Dore Kiesselbach was raised in California and studied English and creative writing at Oberlin College and at the University of Iowa, where he held a Javits fellowship. He has published widely, in magazines such as the Antioch Review, Field, New Letters, and Poetry. In 2009, he won Britain’s Bridport Prize. Kiesselbach lives with his wife, master gardener Karin Ciano, in Minneapolis. (Author photo by Karin Ciano).
“I have followed, with pleasure, Dore Kiesselbach’s sinuous poems for several years. Some of them remind me of pythons wrapped around a tree limb above a riverbank. Those make me nervous. Others remind me of a favorite shirt, a shirt one will never relinquish, never. His poems, each one a tiny defibrillator, are a wonder.”
“Such perfected attention to these nimbly alert, plainspoken poems, which go quiet where many go loud! Encyclopedic, from augers to monarchs to wild turkeys and witch trees, they leave ‘hoofprints’ on the mind. Kiesselbach keeps his eye (‘the predominant poet’s organ,’ William Carlos Williams said) on the unfolding, shifting mysteries crisscrossing our tracks; only teaching what he knows, outing speculative imagination, helping us ‘to let go.’”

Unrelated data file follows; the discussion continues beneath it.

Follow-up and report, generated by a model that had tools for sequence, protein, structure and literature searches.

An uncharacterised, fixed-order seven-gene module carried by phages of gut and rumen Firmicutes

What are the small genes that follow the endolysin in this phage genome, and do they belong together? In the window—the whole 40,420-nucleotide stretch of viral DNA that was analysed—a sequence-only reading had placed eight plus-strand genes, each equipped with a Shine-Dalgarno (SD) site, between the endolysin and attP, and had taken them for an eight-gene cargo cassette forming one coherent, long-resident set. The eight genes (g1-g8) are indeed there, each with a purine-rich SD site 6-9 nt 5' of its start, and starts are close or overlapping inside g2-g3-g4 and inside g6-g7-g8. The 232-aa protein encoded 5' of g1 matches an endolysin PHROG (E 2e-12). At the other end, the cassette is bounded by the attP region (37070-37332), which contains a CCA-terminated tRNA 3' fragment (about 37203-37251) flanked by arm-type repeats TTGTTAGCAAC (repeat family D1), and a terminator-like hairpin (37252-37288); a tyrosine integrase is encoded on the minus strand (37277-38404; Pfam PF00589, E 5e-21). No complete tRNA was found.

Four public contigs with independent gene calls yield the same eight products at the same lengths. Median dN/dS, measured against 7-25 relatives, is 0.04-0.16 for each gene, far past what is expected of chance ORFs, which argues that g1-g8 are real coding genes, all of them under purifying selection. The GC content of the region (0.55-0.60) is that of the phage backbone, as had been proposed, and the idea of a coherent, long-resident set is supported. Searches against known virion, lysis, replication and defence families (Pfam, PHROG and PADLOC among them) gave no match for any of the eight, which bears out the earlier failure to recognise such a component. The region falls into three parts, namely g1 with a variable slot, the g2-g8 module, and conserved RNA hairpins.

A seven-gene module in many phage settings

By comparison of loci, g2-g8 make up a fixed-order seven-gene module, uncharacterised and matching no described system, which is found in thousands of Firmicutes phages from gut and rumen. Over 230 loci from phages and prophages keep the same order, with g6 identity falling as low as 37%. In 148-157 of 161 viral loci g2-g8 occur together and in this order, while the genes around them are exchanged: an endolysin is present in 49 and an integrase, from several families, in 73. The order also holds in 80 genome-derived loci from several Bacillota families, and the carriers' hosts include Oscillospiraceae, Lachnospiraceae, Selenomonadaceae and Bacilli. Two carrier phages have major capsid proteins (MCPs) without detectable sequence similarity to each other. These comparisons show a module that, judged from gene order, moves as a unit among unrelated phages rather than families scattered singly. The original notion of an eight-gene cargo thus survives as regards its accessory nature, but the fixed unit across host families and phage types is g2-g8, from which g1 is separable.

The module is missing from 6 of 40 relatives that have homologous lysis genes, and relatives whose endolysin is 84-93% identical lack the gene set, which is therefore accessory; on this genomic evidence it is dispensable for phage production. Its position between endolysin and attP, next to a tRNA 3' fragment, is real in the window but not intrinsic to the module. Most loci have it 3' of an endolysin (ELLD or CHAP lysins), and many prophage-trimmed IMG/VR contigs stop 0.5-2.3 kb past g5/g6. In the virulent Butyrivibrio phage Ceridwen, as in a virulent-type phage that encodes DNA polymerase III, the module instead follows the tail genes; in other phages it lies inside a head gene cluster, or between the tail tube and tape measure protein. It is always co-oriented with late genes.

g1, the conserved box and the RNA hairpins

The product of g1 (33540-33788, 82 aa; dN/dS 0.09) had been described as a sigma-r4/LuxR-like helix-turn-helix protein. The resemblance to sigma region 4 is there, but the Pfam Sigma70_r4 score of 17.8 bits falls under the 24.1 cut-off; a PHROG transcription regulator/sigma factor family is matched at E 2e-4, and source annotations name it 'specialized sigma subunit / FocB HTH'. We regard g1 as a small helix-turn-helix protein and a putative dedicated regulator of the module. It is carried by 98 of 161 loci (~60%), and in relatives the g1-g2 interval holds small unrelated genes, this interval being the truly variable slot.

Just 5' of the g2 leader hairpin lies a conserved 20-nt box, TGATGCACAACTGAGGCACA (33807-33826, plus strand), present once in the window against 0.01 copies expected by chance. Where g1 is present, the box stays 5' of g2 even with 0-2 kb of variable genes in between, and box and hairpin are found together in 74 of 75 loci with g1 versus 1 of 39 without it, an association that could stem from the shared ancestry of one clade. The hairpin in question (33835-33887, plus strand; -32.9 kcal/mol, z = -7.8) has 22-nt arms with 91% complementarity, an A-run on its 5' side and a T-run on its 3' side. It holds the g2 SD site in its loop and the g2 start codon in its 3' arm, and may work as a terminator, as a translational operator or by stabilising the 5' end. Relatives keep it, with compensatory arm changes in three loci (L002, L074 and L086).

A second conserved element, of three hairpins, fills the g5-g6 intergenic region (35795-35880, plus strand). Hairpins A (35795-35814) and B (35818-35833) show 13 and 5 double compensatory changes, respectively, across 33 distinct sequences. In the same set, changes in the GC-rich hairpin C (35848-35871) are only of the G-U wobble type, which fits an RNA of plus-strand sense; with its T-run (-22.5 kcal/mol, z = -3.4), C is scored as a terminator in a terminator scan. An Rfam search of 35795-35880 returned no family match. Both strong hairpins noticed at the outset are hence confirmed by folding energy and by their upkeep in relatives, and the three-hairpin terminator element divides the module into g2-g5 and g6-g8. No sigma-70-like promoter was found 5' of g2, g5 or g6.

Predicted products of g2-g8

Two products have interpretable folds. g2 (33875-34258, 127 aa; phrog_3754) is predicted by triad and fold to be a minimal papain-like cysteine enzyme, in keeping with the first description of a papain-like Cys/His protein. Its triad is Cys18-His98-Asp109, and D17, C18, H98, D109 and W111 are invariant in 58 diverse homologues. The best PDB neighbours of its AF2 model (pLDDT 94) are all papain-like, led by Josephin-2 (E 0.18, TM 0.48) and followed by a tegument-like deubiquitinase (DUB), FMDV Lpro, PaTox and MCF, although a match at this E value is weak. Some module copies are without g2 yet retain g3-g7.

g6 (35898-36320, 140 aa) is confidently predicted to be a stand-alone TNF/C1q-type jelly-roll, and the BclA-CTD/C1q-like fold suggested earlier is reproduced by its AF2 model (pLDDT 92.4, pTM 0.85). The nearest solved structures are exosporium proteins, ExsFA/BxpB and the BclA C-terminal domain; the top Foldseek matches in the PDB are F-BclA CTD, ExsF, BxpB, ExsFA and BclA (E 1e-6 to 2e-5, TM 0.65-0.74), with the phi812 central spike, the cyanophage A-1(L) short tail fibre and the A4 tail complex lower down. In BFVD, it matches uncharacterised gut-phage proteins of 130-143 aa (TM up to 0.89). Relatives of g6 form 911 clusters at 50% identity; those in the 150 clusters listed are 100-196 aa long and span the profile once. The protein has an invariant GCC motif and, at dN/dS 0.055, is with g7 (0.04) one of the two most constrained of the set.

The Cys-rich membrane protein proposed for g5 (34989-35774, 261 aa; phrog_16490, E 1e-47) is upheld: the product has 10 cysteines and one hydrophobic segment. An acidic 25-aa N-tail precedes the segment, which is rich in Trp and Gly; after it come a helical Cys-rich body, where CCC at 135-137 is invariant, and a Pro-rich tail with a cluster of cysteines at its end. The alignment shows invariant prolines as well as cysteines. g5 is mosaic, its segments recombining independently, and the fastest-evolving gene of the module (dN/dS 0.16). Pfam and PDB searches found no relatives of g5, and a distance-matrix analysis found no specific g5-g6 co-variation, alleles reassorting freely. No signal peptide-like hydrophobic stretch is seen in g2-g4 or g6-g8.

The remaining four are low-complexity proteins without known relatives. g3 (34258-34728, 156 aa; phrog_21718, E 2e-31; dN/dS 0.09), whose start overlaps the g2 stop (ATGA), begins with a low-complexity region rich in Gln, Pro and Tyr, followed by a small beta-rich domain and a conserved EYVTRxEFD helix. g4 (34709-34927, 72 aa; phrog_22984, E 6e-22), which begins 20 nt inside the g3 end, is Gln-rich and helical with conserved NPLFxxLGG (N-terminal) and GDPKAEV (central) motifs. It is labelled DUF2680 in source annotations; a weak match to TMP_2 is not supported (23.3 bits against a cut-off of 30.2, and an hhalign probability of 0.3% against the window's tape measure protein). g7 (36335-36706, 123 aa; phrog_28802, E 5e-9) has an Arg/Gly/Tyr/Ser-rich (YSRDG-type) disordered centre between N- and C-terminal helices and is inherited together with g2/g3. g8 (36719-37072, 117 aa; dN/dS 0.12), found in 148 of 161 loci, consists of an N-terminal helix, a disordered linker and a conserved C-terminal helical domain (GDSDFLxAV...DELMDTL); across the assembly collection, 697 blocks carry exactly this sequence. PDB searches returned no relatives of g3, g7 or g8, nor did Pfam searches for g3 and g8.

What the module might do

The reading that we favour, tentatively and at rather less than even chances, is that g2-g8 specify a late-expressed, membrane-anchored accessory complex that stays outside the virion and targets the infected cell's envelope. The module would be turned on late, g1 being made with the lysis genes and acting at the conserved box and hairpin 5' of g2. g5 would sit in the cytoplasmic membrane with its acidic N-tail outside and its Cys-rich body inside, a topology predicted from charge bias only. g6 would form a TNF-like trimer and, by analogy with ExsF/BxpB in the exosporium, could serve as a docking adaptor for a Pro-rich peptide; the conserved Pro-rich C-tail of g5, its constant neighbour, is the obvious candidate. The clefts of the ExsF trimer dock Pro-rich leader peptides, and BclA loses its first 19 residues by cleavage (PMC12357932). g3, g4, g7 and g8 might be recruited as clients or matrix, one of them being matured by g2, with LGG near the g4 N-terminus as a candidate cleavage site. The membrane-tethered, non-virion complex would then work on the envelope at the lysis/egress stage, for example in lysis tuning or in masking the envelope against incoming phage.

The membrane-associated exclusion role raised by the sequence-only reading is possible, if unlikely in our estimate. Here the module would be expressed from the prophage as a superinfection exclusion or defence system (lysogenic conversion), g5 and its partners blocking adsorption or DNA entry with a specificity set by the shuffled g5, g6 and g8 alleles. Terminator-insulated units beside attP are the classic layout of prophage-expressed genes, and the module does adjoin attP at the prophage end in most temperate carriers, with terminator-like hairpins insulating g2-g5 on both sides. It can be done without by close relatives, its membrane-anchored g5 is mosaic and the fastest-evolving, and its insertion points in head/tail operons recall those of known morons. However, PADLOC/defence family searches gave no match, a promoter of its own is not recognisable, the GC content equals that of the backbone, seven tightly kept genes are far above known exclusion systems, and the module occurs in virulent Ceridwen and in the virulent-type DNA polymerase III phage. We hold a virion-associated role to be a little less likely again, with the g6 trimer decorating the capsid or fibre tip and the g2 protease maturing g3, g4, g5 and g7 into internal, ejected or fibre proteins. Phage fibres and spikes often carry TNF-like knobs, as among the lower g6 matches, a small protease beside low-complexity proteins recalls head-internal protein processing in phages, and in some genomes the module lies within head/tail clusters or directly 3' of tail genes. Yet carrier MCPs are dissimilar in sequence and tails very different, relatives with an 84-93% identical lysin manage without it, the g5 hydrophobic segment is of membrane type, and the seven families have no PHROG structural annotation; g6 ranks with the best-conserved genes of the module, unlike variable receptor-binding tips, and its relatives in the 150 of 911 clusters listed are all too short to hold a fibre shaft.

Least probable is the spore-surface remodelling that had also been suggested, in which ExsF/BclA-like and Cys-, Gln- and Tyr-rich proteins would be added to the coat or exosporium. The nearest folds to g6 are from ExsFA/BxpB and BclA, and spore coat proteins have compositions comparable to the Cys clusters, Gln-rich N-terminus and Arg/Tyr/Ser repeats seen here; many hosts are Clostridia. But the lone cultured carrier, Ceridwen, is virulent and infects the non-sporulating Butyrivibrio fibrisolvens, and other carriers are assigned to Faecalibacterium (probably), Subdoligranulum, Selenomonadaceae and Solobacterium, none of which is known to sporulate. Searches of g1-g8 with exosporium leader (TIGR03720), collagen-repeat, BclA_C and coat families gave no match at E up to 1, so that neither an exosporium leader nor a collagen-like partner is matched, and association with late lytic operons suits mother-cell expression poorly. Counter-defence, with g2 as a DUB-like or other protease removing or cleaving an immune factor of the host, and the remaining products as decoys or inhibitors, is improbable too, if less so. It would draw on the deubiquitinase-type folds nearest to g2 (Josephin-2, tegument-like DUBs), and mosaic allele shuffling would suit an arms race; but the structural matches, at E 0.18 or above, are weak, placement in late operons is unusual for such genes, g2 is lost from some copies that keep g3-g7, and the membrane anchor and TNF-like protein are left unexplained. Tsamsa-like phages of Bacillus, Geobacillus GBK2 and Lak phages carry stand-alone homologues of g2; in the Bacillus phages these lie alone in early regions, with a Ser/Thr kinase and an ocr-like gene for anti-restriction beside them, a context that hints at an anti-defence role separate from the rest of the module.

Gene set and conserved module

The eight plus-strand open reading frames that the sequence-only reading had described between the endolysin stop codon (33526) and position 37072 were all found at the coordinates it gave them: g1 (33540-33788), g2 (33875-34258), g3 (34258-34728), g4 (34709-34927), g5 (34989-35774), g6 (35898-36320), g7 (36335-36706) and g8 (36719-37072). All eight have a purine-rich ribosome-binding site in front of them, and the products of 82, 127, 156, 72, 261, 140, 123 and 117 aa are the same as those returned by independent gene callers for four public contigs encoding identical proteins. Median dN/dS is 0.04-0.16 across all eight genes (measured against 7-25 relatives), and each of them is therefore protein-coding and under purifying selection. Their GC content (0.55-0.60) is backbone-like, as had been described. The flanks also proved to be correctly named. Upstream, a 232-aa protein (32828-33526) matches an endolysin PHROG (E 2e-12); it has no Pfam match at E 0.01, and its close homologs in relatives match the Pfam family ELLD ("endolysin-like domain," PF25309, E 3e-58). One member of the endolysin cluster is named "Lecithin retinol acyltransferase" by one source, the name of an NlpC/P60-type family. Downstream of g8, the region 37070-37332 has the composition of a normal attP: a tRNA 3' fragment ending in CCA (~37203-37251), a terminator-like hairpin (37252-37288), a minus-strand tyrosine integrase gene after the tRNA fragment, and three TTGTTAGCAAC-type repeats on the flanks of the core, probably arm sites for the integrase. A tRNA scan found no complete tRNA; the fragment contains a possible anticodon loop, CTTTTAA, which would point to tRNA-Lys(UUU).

“As the diver beholds ‘a moon dissolved in salt,’ so we behold the world transformed in these elegant, rigorous, unsparing poems by Dore Kiesselbach. With the problem-solving logic of syntax, a turkey falls dead from a tree, the duelist’s bullet turns a pocket watch to shrapnel, a stepfather works his world of harm. Morally acute and musically distillate, this is a book to celebrate.”
University of Pittsburgh Press